Printer driver developers (printer manufacturers) and applications developers need common interfaces and infrastructure to easily implement drivers and application with a minimum of implementation an d testing effort and costs. Users need easy access to printer drivers and consistent user interfaces for printing out of their applications. On the Printing Summit appropriate standards were worked out and it is planned to implement some of them already in Ubuntu Feisty.


Printing is an essential task in using computers. The user expects that when he connects a printer it just works and he has access to all the printers functionality from every application.

Use cases

  • Printer manufacturer PaperWaster wants to offer Linux support for his RainForestEx 2000. He simply writes a driver module plugging into GhostScript (no recompiling of GhostScript needed) and provides a binary driver package which drops all driver files into a subdirectory of /opt/PaperWaster/ and the PPD as /opt/share/ppd/PaperWaster/en/PaperWaster-RainForestEx_2000-PWPDL-en.ppd. CUPS simply finds the driver by the PPD and due to the directory named by the manufacturer nothing of the system can get overwritten. The user can simply print.

  • A software vendor creates a new desktop application for Linux and the implementation works quickly and easily, especially the printing part, as with a few simple function calls application-specific options get added to the printing dialog, the desktop's printing dialog with access to all the printers and their full functionality fired up and the data sent to the printer.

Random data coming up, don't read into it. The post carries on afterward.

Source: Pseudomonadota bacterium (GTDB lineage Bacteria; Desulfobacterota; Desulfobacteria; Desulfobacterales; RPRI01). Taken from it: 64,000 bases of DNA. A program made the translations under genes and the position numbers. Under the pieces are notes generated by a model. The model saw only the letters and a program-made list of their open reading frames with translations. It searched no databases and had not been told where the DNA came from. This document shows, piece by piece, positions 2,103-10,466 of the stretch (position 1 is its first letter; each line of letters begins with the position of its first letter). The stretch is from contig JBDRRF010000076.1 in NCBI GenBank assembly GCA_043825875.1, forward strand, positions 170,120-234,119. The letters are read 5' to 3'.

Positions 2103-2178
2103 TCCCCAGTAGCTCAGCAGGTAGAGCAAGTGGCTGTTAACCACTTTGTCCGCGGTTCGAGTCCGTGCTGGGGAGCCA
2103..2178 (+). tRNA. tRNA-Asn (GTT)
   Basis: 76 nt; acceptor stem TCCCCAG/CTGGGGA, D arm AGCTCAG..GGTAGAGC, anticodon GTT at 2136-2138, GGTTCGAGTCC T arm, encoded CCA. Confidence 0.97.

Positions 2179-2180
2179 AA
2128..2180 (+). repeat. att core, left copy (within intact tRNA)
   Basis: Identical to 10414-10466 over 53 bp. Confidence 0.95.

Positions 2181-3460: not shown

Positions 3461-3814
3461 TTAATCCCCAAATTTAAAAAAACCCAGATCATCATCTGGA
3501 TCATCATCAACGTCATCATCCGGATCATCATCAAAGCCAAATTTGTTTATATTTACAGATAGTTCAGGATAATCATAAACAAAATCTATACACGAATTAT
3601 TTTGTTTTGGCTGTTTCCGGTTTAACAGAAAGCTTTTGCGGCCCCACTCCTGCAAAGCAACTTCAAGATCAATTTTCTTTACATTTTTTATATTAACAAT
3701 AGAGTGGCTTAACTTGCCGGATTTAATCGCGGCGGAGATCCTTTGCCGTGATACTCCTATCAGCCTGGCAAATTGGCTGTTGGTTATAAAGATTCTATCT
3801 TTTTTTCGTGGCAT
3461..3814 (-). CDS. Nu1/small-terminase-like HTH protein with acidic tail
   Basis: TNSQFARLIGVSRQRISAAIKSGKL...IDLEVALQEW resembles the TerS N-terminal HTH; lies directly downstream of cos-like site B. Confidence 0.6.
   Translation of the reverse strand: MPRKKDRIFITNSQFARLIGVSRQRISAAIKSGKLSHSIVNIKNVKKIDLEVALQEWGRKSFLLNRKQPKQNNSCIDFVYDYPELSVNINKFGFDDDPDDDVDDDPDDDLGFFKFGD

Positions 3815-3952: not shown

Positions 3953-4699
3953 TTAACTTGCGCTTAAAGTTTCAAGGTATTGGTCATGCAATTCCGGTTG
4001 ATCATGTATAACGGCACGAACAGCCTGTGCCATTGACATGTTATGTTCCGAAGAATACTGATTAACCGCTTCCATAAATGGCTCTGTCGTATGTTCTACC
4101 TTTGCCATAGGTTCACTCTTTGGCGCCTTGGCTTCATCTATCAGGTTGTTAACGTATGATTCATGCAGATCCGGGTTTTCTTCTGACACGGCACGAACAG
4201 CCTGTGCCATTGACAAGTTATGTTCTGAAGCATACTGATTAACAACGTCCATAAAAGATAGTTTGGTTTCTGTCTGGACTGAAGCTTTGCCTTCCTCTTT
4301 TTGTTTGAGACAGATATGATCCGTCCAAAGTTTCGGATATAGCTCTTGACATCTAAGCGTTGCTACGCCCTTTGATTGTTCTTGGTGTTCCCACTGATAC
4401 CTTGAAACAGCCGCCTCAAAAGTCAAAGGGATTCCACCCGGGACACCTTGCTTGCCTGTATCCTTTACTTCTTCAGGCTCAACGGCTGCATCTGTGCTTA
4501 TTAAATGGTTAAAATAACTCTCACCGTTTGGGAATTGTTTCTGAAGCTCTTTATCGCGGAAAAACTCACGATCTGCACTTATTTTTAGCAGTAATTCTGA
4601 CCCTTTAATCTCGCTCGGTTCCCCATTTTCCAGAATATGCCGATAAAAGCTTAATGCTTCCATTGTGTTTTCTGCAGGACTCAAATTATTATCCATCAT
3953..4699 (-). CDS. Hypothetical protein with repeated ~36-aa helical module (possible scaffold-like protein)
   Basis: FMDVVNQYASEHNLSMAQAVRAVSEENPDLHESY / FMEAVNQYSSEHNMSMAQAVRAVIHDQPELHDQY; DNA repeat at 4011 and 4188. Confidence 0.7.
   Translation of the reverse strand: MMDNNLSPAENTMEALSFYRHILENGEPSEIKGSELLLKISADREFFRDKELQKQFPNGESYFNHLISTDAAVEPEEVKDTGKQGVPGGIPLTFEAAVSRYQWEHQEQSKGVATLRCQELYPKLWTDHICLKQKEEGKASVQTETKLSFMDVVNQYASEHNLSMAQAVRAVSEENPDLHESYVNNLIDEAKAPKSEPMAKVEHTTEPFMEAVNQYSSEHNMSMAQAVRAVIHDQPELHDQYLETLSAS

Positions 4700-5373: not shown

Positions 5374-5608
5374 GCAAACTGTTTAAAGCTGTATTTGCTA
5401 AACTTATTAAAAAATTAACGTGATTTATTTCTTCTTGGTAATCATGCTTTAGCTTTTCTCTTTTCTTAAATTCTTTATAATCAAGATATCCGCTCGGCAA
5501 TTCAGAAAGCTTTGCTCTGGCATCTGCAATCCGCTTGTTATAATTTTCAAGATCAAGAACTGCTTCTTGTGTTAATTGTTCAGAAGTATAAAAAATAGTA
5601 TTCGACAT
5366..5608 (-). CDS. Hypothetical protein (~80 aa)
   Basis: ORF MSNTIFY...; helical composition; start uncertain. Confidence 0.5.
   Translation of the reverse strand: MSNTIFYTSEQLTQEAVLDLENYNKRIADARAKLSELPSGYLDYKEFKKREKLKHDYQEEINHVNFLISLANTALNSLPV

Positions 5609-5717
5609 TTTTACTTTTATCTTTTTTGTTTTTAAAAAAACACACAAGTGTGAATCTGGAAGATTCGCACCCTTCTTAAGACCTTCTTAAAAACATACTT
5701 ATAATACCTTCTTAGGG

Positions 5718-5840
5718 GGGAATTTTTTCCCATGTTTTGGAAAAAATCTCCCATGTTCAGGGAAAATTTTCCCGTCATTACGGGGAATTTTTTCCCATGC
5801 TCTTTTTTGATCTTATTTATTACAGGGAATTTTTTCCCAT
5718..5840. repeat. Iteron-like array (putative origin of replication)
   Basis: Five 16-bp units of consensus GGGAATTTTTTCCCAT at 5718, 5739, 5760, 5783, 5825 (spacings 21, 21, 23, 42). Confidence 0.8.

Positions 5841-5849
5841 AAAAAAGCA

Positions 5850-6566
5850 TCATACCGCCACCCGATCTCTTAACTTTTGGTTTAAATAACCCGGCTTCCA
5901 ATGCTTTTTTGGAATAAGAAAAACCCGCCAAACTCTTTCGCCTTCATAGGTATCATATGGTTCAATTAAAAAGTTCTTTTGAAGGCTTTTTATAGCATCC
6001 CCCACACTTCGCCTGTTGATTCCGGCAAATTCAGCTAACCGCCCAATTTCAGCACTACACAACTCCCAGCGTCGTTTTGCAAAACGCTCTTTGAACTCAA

• User A worked for long time with an integrated office application and printed many things with different printer settings. He gets a new application for human resources management and printing simly works for him, as he gets the same dialog as with his office application and directly finds every option he needs, without re-learning.


This applies to all Linux distributions.

Outcomes of the Printing Summit

For more information see the web page of the Summit, especially the links to the slides of each presentation in the "Agenda" section.

Most important result is the consensus about the printing-related requirements which will be added to LSB 3.2:

  • Most functions of the CUPS convenience API, but not low-level API
  • Qt 4.0 printing GUI API
  • Printer driver plug-in interfaces: IJS, CUPS Raster, OpenPrinting vector

  • GhostScript with the plug-in interfaces and at least with output devices “cups­”, “ijs”, “opvp”, “pxlmono”, and “pxlcolor”

  • foomatic-rip
  • Standard directories for drivers and PPDs (FHS extension) is merged with FSG OpenPrinting and to the existing database new functionality will be added, especialy possibility for automatic download of printer drivers (in distribution-independent packages) by printer setup tools. In addition printer certification will be done and results be added to the printer database. This way printer manufacturers can advertise that their printers work "with Linux" and not "with Red Hat, SuSE, ...".

There was also a parallel session with people from OpenUsability and from desktop/GUI project working on common dialogs for printing and printer setup/management.

Jim Zemlin's (CEO FSG) keynote


Many of the outcomes of the FSG OpenPrinting Summit will go into Feisty or later releases of Ubuntu:


PrintingSummitLexington (last edited 2008-08-06 16:27:26 by localhost)